Splay Anthem

Overview

In a stunning new collection of poems of transport and transcendence, African-American poet Nathaniel Mackey's "asthmatic song of aspiration" scuttles across cultures and histories—from America to Andalucía, from Ethiopia to Vienna—in a sexy, beautiful adaptive dance.

Part antiphonal rant, part rhythmic whisper, Nathaniel Mackey's new collection of poems, Splay Anthem, takes the reader to uncharted poetic spaces. Divided into three ...
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Overview

In a stunning new collection of poems of transport and transcendence, African-American poet Nathaniel Mackey's "asthmatic song of aspiration" scuttles across cultures and histories—from America to Andalucía, from Ethiopia to Vienna—in a sexy, beautiful adaptive dance.

Part antiphonal rant, part rhythmic whisper, Nathaniel Mackey's new collection of poems, Splay Anthem, takes the reader to uncharted poetic spaces. Divided into three sections—"Braid," "Fray," and "Nub" (one referent Mackey notes in his stellar Introduction: "the imperial, flailing republic of Nub the United States has become, the shrunken place the earth has become, planet Nub")—Splay Anthem weaves together two ongoing serial poems Mackey has been writing for over twenty years, Song of the Andoumboulou and "Mu" (though "mu no more itself / than Andoumboulou").

In the cosmology of the Dogon of West Africa, the Andoumboulou are progenitor spirits, and the song of the Andoumboulou is a song addressed to the spirits, a funeral song, a song of rebirth. "Mu," too, splays with meaning: muni bird, Greek muthos, a Sun Ra tune, a continent once thought to have existed in the Pacific. With the vibrancy of a Miró painting, Mackey's poems trace the lost tribe of "we" through waking and dreamtime, through a multitude of geographies, cultures, histories, and musical traditions, as poetry here serves as the intersection of everything, myth's music, spirit lift.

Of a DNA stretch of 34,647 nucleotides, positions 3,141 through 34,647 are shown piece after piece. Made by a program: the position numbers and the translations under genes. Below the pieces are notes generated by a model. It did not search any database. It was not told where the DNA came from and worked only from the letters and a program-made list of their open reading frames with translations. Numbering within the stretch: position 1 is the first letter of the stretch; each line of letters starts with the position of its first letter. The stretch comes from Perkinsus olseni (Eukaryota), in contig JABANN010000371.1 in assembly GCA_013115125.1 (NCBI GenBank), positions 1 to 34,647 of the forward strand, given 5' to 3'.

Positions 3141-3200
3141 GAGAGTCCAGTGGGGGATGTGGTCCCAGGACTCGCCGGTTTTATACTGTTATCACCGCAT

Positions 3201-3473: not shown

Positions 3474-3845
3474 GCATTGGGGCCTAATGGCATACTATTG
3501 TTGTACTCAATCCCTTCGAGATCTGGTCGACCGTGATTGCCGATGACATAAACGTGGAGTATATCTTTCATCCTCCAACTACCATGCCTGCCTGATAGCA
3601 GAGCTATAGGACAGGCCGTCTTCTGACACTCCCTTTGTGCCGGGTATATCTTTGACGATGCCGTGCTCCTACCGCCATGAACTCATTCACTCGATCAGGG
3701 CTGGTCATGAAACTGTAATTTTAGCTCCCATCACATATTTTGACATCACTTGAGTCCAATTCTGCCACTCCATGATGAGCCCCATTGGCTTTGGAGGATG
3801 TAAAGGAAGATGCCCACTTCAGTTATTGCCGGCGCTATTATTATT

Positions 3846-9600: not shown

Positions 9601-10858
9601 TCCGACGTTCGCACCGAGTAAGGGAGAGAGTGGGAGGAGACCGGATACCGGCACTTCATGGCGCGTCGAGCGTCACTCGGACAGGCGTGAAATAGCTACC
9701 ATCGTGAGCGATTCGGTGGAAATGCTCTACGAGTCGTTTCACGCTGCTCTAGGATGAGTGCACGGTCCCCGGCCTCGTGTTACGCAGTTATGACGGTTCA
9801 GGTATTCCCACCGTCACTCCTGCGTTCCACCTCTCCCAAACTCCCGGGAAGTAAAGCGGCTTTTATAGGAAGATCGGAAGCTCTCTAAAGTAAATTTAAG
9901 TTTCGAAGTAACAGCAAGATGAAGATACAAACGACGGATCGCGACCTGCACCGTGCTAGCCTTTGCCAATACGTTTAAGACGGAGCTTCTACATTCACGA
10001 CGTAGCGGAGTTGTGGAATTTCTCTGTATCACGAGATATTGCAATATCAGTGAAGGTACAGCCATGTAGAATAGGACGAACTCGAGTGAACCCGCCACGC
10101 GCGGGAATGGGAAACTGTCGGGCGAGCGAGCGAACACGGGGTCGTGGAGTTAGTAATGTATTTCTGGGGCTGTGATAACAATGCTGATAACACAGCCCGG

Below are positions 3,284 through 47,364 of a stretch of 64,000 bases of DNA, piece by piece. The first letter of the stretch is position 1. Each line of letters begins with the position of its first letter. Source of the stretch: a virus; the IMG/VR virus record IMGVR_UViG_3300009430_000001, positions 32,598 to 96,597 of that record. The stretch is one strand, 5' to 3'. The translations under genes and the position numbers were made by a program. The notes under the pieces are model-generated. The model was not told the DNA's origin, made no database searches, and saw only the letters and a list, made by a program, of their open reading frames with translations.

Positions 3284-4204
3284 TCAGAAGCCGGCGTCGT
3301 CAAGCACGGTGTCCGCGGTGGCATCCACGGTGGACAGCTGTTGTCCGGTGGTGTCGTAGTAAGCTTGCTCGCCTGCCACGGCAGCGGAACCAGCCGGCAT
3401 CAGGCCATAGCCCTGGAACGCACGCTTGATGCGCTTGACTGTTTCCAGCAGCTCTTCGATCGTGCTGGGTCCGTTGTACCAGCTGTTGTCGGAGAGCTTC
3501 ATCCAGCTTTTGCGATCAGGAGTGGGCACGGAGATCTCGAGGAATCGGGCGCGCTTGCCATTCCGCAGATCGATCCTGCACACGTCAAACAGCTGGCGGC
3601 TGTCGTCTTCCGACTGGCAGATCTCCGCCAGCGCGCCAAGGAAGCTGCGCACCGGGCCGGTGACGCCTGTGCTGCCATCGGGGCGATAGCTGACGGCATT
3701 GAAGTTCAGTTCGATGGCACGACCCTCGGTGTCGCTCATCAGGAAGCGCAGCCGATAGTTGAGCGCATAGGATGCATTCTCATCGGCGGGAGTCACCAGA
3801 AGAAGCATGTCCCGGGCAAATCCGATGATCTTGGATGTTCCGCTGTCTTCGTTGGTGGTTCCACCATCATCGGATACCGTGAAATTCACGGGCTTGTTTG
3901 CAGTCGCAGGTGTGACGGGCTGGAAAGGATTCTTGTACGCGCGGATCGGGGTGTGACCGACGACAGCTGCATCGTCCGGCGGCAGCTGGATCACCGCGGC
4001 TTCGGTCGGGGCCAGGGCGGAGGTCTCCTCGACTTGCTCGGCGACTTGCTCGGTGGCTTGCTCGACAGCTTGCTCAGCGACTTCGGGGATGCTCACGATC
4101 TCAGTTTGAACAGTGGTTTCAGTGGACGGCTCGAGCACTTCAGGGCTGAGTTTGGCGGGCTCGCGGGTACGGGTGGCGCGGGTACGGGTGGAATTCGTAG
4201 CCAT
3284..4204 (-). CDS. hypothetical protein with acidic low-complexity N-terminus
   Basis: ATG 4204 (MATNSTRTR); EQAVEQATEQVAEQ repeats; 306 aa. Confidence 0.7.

Winner of the 2006 National Book Award for Poetry

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Editorial Reviews

Publishers Weekly
Published in installments across several decades, Mackey's two epic series-one called Mu, the other Song of the Andoumboulou-bring the attitudes of free jazz and the reverberating patterns of West African ensemble music to the goals of the American encyclopedic long poem a la Charles Olson. The mysterious, even hermetic, new verse extends both of Mackey's epics, even (as his prose foreword explains) merging them, so that they form one enormous text describing a mystical quest. Mackey's figures seek the source of inspiration, and his dense stanzas track their uneven progress; "We" pursue it, by foot, train or boat, into realms of fable and myth, via chants, archival and esoteric references, portmanteau words and archeological research. "Atless" (that is, lost without a map) and given to interjections like "wuh," Mackey's crew crosses the "City of Lag" on the "Not Yet Express," as the poet himself sends his spirit "up/ Unreal Street unstrung" in search of new sounds and rituals. (May) Copyright 2006 Reed Business Information.
Library Journal

Three sections ("Braid," "Fray," and "Nub") continuing two serial poems ("Song of the Andoumboulou" and "Mu") that have been appearing over the last two decades here add up to one National Book Award winner. This rich, rhythmic account of the Dogon cosmology of West Africa makes for nonstop reading. (LJ8/06)